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Pennsylvania and is a graduate of the University of Pittsburgh at Johnstown, where he received a bachelor’s of science in electrical engineering technology. During his undergraduate studies, he completed two internships with H. F. Lenz Company, where he took part in the electrical design of several projects including data centers, the Statue of Liberty, and several buildings in Pittsburgh. He is currently working with Dr. Kwasinski on research topics related to the responses and restorations of power systems during hurricanes.

University of Pittsburgh | Swanson School of Engineering

ADAM EMES completed his B.S. in electrical engineering, with a concentration in electric power engineering, from the University of Pittsburgh in 2018. In his time as an undergraduate, he completed three co-op rotations at Curtiss-Wright EMD, and worked part time as an undergraduate student researcher. From his co-op position, he gained experience with electric machine design and testing. In his undergraduate research, he contributed to projects that utilized signal processing in fault classification and load detection applications. He is currently a second year M.S. student at the University of Pittsburgh, working as a graduate student


researcher under Dr. Brandon Grainger. His research interests are focused on applications of quasi-z-source inverters in renewable energy and microgrid systems. In his time as an M.S. student, he has coauthored two papers, and has also completed a summer internship at Mitsubishi Electric Power Products, Inc. In that role, he performed transients analysis on a variety of power systems, bench-marked the control performance of STATCOMs and SVCs, and developed a power dispatch schedule for a battery energy storage system.

JOHN KIEFFER received his B.S. in Physics and Mathematics from Centre College in 2014. Following completion of his B.S. he worked for Wilderness Trace Solar, Inc. in Danville, KY where he designed and helped implement gridtied, off-grid, and hybrid solar energy systems for residential and commercial customers ranging up to 300 kW in size. John is currently a second-year M.S. student at the University of Pittsburgh where he is advised by Dr. Gregory Reed with whom he co-led a sustainable engineering study abroad trip to Scandinavia for undergraduate students this past May. His research interests include the optimal control and dispatch of distributed energy resources.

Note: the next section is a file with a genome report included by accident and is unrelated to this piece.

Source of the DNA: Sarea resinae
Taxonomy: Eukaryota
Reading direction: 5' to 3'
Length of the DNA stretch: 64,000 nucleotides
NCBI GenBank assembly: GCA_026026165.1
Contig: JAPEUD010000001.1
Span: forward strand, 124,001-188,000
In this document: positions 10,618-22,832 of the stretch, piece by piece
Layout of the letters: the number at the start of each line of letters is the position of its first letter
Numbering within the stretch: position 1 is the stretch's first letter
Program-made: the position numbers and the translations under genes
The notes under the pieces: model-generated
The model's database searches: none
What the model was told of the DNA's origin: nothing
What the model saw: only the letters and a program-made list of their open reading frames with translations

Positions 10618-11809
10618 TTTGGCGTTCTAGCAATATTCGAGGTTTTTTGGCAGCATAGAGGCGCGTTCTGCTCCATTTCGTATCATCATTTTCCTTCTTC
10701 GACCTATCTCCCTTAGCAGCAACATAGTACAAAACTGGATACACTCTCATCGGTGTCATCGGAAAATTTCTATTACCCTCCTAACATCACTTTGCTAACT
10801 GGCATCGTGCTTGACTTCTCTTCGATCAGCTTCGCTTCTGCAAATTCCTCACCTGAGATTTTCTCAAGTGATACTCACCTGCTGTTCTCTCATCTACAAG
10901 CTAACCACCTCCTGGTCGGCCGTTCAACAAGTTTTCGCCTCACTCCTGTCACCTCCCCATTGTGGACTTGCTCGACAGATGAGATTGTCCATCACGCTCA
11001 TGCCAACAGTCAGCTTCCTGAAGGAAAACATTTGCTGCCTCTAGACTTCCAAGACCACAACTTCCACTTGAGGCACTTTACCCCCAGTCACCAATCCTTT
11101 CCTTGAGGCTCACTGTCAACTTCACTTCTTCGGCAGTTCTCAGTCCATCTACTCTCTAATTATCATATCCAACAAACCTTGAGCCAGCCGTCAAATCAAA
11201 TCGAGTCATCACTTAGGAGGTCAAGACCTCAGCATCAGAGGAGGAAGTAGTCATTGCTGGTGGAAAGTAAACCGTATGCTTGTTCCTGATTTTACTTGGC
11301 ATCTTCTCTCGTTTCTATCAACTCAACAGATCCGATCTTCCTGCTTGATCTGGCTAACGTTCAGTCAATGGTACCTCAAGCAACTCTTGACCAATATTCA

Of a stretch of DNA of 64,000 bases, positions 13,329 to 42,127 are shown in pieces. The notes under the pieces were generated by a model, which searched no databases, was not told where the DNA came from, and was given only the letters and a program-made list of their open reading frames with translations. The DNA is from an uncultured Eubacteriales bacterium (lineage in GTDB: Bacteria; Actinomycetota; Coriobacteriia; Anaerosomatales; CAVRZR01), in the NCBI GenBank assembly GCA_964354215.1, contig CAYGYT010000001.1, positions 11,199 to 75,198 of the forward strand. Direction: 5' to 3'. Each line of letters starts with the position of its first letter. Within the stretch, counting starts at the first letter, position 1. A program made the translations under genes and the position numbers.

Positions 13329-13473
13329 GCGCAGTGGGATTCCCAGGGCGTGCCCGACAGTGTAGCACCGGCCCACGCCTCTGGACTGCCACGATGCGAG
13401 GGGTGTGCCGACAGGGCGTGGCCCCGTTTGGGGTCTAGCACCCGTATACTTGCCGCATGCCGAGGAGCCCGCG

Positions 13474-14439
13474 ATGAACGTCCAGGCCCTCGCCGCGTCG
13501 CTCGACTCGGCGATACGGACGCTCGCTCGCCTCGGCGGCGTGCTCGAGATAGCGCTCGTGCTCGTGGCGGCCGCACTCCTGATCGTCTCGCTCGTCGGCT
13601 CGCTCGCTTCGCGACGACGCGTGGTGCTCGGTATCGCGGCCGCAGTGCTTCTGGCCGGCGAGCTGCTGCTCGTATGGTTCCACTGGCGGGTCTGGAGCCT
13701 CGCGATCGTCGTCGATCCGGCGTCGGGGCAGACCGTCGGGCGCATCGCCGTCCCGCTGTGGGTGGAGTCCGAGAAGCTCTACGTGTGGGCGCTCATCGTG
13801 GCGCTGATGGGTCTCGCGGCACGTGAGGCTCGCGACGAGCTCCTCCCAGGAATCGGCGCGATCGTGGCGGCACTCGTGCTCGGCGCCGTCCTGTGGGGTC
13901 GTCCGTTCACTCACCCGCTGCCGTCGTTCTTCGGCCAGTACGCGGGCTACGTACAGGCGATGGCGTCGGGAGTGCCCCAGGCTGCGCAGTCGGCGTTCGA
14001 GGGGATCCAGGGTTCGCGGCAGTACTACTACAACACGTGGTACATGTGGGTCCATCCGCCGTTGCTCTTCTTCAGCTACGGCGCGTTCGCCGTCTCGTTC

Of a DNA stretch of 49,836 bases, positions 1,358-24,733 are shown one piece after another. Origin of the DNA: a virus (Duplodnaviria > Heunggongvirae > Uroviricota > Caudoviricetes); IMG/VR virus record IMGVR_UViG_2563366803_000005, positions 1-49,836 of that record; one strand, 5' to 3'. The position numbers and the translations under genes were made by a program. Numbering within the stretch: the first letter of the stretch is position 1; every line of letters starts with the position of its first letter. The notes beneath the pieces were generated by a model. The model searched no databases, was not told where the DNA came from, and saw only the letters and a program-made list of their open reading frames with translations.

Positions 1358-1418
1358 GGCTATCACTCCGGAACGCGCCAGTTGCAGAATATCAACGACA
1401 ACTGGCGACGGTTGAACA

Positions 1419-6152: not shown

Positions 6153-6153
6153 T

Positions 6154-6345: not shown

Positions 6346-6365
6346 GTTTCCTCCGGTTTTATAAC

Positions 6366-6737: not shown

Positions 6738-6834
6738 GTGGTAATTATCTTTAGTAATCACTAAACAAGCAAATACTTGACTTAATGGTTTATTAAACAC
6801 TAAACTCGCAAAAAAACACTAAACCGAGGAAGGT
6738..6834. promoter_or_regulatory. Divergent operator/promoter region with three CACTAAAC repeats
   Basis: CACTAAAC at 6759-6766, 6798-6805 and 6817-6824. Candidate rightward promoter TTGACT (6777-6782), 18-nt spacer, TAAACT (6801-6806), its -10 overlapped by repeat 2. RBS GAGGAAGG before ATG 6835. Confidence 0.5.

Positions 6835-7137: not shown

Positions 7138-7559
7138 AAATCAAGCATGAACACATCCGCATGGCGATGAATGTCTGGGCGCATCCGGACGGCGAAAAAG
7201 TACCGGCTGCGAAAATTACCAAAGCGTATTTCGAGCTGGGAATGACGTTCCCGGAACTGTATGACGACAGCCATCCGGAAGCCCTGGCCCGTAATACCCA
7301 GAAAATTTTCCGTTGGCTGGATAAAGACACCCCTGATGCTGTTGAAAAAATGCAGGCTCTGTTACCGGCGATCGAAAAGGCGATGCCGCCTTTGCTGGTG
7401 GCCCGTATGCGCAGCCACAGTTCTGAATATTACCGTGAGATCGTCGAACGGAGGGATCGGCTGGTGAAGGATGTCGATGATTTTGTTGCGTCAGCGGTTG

ARYANA NAKHAI graduated Cum Laude from the University of Pittsburgh in December 2018, with a B.S. in Electrical Engineering and a concentration in Electric Power. As part of her undergraduate degree, she completed 3 co-op rotations at BMW Manufacturing. She is currently pursuing an M.S. in Electrical Engineering at the University of Pittsburgh under the advisory of Dr. Gregory Reed. While holding an intern role at Eaton, she is also President and founder of a new IEEE Power & Energy Society student branch chapter at Pitt and holds a position on the Student Innovation Board for a DOE Consortium program known as FEEDER.

CHRISTIAN PERENYI is a second year M.S student at the University of Pittsburgh. He is a French exchange student in his final year of engineering at INSA de Lyon (France) in the ECE department. During his undergrad he had the opportunity to realize a first internship in UK (Telford) in Schneider Electric. Christian

also did a five month internship in Colombia (Bogota) at Enel; an Italian multinational manufacturer and distributor of electricity and gas. He was part of the technical support in thermal generation for Colombia & Brazil. His research concerns the frequency response of inverters inside a Power Grid. He is currently a research full time assistant under Dr. Brandon Grainger’s supervision.

COREY WEIMANN received a B.S. in Electrical Engineering from the University of Pittsburgh in 2018. He is a graduate student in the Electric Power Systems Laboratory. His research focus is DC arc flash, particularly experimental results, under his advisors Dr. Robert Kerestes, and Dr. Brandon Grainger. His research goals are to determine when DC arc flash events are possible and at what minimum system parameters they start occurring at typical industrial installations. He is partnering with a company that does high power testing and is willing to perform arc flash tests.

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Monday, October 28, 2019 2 – 4:30 p.m.

Session 1 Innovation Hall

Intelligent Grid Design through Power Electronics MODERATOR: Santino Graziani – University of Pittsburgh PhD Student, Electric Power Systems Laboratory RK Mellon Graduate Student Fellow Santino Graziani is a PhD student advised by Dr. Grainger at the University of Pittsburgh. He graduated from the University of Pittsburgh with a master’s degree in electrical engineering in the fall of 2018. His thesis topic was a new power electronic converter topology for DCDC power conversion. He is continuing this topic in the area of design optimization for his PhD dissertation. Santino spends his summer semester with Eaton at the Power Systems Experience Center where he has developed and built numerous power system demonstrations for training and educational purposes.